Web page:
What could possibly go wrong with a church planted here?
On Thursday morning we experienced something of a failure.
One of the exciting opportunities this week was to run an opt-in seminar for year 12 students in a school with which the church doesn’t really, at this stage, have a relationship. The opportunity was facilitated by an enthusiastic science teacher who is a member of another nearby church. Our team prepared an hour-long seminar, which included a short bible talk, some discussion, and several testimonies. We had copies of John’s gospel to give out. The preparations were immaculate.
The only problem? No-one opted in.
We hung around for most of the hour. Meredith gave her talk on Jesus’ meeting with the woman at the well in John 4—and though it wasn’t the intended audience, it was a blessing to us at least! Needless to say, it was a disappointment.
In God’s kindness we returned from the high school to a team training session in which we heard another story of another sort of failure. We had the privilege of hearing from a church planter whose congregation in Bondi closed at the beginning of this year. He and his family moved to Bondi to be on mission here, leaving behind a solid job in the hope of witnessing to Jesus among the lost. A year was spent simply settling in and getting to know the area. Influenced by Tim Keller’s work, the goal was to found a gathering that took the best of Bondi’s character on board so as to break down barriers to the gospel. Key to the strategy was meeting two new people per day and having meals with as many of them as possible. They met more people who said “I’ve never heard of Jesus before” than they did those who said “I have some experience with a church.”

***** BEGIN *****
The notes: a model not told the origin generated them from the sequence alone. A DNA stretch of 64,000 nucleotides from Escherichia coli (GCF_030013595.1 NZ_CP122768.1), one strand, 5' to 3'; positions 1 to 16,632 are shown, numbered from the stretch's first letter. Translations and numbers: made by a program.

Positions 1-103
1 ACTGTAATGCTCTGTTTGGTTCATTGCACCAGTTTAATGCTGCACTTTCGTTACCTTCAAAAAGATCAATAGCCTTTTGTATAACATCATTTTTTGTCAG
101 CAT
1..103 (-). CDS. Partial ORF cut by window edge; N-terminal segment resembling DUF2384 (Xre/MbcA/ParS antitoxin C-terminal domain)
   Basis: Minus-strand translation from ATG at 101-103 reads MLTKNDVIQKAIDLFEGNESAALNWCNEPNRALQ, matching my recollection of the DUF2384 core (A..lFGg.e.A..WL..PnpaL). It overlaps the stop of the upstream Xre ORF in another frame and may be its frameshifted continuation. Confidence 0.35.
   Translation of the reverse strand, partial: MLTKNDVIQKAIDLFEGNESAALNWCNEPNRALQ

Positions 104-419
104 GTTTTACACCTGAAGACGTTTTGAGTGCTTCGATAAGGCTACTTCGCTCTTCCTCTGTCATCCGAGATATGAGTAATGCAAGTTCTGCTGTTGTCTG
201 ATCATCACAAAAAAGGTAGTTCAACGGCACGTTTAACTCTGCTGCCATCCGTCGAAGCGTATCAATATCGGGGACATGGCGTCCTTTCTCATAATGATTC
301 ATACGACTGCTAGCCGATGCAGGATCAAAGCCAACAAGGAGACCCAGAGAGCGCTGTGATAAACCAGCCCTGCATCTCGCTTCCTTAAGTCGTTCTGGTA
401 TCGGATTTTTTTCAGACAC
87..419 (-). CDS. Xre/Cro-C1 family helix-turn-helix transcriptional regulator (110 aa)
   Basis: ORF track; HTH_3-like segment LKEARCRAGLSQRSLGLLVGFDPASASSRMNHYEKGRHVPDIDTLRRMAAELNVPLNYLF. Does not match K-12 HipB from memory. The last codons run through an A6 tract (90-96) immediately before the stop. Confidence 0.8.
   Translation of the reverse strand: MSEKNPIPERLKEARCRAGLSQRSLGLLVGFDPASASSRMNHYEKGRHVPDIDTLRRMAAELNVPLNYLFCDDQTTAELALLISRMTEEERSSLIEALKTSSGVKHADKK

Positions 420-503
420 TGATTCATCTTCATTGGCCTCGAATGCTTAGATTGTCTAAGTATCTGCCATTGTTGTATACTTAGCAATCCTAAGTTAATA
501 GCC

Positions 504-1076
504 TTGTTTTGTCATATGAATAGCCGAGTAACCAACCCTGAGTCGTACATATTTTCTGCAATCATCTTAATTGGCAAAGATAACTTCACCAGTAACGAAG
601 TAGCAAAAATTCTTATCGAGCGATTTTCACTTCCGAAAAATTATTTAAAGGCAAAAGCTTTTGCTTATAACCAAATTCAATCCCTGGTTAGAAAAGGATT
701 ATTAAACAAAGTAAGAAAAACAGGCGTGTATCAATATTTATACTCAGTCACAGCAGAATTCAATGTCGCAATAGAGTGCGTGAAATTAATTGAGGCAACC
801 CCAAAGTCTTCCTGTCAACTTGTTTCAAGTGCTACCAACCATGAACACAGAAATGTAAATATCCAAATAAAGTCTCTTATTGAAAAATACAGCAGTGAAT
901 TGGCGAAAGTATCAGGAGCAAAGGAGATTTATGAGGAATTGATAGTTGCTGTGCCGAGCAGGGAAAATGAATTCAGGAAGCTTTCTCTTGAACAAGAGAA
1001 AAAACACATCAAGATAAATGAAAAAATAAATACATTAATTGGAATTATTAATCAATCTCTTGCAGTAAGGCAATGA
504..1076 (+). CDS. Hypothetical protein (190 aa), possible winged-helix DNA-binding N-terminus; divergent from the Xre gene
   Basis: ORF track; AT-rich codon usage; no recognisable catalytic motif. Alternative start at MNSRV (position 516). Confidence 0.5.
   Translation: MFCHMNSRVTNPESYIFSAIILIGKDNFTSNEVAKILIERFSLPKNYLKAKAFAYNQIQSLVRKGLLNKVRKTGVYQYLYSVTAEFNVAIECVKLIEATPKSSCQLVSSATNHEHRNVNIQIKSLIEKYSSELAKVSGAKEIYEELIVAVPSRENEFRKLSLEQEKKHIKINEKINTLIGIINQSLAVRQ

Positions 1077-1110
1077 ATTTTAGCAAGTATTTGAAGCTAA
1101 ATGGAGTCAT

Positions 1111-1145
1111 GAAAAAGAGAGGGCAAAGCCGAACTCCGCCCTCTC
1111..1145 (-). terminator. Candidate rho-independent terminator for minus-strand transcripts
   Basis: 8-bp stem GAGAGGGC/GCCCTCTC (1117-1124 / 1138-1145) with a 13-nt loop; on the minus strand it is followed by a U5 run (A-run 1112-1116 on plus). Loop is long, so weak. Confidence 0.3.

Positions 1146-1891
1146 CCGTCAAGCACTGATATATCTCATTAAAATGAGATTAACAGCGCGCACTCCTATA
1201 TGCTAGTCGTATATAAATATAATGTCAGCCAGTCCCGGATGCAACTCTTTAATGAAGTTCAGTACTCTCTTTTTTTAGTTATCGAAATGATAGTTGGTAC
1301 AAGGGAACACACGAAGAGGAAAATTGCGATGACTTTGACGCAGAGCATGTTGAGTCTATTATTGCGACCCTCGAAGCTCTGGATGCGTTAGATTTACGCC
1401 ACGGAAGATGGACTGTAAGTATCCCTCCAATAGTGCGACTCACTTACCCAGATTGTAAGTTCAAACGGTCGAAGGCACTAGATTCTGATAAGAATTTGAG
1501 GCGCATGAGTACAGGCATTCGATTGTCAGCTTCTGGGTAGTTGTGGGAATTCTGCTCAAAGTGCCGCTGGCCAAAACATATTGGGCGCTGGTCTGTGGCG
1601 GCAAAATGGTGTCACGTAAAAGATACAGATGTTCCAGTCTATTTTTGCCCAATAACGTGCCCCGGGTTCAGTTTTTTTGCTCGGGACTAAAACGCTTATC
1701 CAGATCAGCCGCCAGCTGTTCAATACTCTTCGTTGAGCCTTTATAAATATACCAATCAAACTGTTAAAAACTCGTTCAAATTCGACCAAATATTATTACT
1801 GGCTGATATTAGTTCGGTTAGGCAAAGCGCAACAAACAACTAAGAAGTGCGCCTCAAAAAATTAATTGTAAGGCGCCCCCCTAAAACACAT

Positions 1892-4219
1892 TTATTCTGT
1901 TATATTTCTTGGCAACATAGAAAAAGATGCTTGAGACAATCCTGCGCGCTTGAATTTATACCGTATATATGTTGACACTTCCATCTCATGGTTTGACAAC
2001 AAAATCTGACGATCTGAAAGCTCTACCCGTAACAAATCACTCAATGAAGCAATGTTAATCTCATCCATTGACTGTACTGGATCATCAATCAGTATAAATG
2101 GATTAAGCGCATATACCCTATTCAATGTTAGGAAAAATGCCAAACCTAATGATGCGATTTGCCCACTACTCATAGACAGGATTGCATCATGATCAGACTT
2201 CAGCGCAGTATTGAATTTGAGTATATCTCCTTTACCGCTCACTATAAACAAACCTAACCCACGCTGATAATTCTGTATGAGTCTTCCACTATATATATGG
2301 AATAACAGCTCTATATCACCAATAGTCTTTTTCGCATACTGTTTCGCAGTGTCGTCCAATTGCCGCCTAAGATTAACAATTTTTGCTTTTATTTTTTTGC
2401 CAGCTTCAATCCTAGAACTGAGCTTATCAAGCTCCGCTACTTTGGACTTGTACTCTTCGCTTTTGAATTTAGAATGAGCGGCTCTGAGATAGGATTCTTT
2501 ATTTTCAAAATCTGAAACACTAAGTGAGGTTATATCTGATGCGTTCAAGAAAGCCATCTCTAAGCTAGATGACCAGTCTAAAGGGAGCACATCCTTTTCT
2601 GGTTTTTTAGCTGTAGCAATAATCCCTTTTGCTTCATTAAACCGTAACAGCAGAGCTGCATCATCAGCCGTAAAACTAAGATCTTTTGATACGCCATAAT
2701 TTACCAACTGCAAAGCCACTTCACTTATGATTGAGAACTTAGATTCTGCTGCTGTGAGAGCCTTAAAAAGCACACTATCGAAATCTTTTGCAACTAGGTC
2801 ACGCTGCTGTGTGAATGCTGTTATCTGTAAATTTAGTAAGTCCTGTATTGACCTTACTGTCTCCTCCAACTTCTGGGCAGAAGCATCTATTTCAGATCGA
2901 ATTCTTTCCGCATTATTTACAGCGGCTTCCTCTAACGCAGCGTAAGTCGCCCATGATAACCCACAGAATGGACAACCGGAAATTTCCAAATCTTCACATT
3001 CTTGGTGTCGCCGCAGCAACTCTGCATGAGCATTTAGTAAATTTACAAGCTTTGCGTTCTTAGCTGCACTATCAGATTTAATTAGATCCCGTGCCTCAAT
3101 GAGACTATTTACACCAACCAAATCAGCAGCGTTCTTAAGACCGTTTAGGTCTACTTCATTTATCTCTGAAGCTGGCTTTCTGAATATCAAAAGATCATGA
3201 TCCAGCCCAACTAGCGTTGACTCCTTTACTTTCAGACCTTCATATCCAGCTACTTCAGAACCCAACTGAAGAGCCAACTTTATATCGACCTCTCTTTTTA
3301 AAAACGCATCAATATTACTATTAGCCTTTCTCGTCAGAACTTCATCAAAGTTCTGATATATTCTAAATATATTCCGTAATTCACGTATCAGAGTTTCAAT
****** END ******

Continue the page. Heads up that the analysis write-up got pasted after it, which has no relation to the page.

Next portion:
Beginning in a living room, the plant grew to about 40 adults and moved into Bondi Pavillion. People became Christians. Christians grew in their faith. But for various reasons, the ministry became unsustainable. They decided it was time to close up shop, and they felt that God was in that decision as well.
The beautiful thing about this planter’s story is his sense of God’s care and provision throughout the whole process. “I have no sense of failure”, he says; “I’m not sovereign—I don’t have that power yet. And I never will!” Though the congregation has closed down, God’s work was clear throughout: the Spirit moved people to faith in Christ and to deeper holiness. There were hurts along the way, but the kingdom grew—even if it didn’t grow in the way it might have been expected it to.
Of course, our trip to the local high school wasn’t a failure either. The school saw that we were happy to be there. The church learned more about the particular challenges of speaking about Jesus in that sphere. God was honoured in preparation, and the year 12 students were lifted up in prayer. In God’s creative providence, none of that was wasted effort.
It’s a great lesson to learn and to be forced to confront for students training for gospel ministry. Under God, we’ll plant seeds and water them, but it’s God who gives the growth. Failure in gospel ministry is to fail to trust and teach the gospel of the Lord Jesus Christ faithfully; how things work out depends on God’s goodness and timing.
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